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Multiple endocrine neoplasia (MEN) I is disorder passed down through families (inherited) in which one or more of the endocrine glands have too much tissue or form a tumor. Endocrine glands include the parathyroid, pancreas, pituitary, adrenals, or thyroid.

Alternative Names

Wermer syndrome; MEN I


MEN I is caused by a defect in a gene called RET. The condition causes tumors of various glands to appear in the same person, but not necessarily at the same time. The disorder may occur at any age, and affects men and women equally.

Most persons with MEN I seek medical treatment for a severe form of peptic ulcer disease caused by a tumor in the pancreas and symptoms related to low blood sugar, high blood calcium, kidney stones, or pituitary problems (such as headache).

Risk factors for MEN I include a family history of this disorder, a previous pituitary tumor, and a history of Zollinger-Ellison syndrome.


Symptoms vary greatly from person to person. They may include:

  • Abdominal pain
  • Burning, aching, or hunger discomfort in the upper abdomen or lower chest that is relieved by antacids, milk, or food
  • Black, tarry stools
  • Nausea and vomiting
  • Bloated feeling after meals
  • Weakness
  • Headache
  • Vision problems
  • Loss of coordination
  • Anxiety
  • Mental changes or confusion
  • Coma (if hypoglycemia is untreated)
  • Loss of appetite
  • Muscle pain
  • Fatigue
  • Sensitivity to the cold
  • Unintentional weight loss
  • Low blood pressure
  • Loss of underarm or pubic hair
  • In women, cessation of menses, infertility, or failure to produce breast milk
  • In men, decreased sexual interest, loss of body or facial hair

Exams and Tests

Tests to diagnose MEN I may include:

  • MRI of abdomen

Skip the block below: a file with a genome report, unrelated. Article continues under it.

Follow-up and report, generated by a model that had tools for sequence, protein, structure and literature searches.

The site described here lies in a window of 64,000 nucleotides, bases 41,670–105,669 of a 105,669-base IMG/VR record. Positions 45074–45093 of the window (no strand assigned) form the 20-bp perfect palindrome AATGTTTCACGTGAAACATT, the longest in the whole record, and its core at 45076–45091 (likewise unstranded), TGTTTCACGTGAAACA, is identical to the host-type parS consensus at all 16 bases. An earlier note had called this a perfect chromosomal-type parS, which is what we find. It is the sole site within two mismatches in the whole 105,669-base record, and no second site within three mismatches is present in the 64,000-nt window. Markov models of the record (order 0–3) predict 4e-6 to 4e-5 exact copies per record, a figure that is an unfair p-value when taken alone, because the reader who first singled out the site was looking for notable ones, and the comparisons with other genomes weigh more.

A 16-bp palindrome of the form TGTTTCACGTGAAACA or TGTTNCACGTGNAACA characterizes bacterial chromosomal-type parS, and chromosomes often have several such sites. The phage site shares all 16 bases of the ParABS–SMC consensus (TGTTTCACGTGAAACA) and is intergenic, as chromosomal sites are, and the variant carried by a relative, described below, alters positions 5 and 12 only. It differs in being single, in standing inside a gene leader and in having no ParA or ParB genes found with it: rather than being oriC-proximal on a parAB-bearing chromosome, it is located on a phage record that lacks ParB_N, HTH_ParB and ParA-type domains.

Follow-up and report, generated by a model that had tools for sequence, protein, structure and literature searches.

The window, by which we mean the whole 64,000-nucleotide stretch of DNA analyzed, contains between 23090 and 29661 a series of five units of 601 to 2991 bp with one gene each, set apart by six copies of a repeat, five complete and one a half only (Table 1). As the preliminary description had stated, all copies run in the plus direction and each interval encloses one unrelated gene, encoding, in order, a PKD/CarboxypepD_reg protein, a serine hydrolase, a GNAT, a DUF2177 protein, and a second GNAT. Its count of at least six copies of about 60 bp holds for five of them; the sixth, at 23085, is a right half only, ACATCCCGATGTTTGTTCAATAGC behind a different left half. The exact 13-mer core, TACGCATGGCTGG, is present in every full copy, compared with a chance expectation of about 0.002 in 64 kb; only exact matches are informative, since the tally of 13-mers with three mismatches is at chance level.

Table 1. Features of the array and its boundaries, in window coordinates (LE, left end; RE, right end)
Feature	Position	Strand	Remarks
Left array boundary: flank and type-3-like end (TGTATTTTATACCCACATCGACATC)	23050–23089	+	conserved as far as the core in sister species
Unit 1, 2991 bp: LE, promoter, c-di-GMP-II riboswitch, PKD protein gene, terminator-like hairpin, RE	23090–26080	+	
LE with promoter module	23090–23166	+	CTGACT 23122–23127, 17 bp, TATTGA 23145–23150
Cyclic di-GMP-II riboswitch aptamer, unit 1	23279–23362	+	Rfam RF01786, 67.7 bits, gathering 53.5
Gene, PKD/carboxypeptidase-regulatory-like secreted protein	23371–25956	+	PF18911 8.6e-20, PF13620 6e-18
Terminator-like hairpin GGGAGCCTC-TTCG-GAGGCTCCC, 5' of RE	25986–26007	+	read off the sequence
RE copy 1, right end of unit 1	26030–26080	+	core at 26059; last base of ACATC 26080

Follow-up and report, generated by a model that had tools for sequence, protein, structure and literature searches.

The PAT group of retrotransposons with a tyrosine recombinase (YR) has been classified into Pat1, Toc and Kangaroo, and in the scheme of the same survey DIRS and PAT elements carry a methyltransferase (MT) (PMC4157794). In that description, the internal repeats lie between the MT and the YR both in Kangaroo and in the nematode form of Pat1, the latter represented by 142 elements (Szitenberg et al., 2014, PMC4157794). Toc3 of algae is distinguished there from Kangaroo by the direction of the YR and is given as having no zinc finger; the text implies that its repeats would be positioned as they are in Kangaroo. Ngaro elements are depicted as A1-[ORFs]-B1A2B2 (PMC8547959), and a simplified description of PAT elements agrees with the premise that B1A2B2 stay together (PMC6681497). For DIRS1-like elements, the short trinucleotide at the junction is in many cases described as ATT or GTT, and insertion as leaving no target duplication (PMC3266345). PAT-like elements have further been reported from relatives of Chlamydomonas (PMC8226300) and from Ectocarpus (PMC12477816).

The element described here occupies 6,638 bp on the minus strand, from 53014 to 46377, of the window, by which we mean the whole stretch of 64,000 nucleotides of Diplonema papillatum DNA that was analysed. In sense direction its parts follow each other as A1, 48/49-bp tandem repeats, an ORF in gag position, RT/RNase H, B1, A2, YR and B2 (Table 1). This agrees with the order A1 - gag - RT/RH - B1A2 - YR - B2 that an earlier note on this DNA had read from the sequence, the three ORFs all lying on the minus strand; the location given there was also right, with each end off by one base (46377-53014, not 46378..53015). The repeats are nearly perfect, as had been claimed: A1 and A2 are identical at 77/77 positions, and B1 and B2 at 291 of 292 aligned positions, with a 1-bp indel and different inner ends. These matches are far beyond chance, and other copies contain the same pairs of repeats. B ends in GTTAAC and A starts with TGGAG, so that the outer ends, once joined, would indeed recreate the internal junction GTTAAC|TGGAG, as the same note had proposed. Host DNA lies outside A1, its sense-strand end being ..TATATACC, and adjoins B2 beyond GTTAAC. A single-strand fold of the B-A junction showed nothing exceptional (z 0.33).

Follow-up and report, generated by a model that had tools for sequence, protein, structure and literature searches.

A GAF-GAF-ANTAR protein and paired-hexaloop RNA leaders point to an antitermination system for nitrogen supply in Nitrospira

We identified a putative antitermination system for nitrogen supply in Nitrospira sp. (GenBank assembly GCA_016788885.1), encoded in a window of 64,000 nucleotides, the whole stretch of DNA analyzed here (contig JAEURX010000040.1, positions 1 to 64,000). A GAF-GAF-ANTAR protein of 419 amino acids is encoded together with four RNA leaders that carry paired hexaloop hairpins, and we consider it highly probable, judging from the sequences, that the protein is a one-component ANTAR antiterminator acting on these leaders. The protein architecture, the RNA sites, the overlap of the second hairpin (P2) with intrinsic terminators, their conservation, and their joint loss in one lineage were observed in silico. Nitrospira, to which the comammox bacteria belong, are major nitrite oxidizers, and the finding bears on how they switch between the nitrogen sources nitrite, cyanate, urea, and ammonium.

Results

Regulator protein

• MRI of the head
  • CT of abdomen
  • Cranial CT scan
  • Parathyroid biopsy
  • Insulin test
  • Fasting blood sugar
  • Serum glucagon
  • Serum gastrin
  • Serum calcium
  • Serum parathyroid hormone
  • Serum prolactin
  • Serum thyroid stimulating hormone (rarely used)
  • Cortisol
  • Serum adrenocorticotropic hormone
  • Serum luteinizing hormone
  • Serum follicle stimulating hormone


Surgery to remove the diseased gland is the treatment of choice, although a medication called bromocriptine may be used for pituitary tumors that release a hormone called prolactin.

Hormone replacement therapy is given when glands are removed or do not produce enough hormones.

Outlook (Prognosis)

Pituitary and parathyroid tumors are usually benign, but some tumors may become malignant (cancerous). These can lower life expectancy.

The symptoms of peptic ulcer disease, hypoglycemia, hypercalcemia, and pituitary dysfunction usually respond well to treatment.

Possible Complications

Recurrent tumors may develop.

When to Contact a Medical Professional

Call your health care provider you notice symptoms of MEN I.


Screening of close relatives of people affected with this disorder is recommended.

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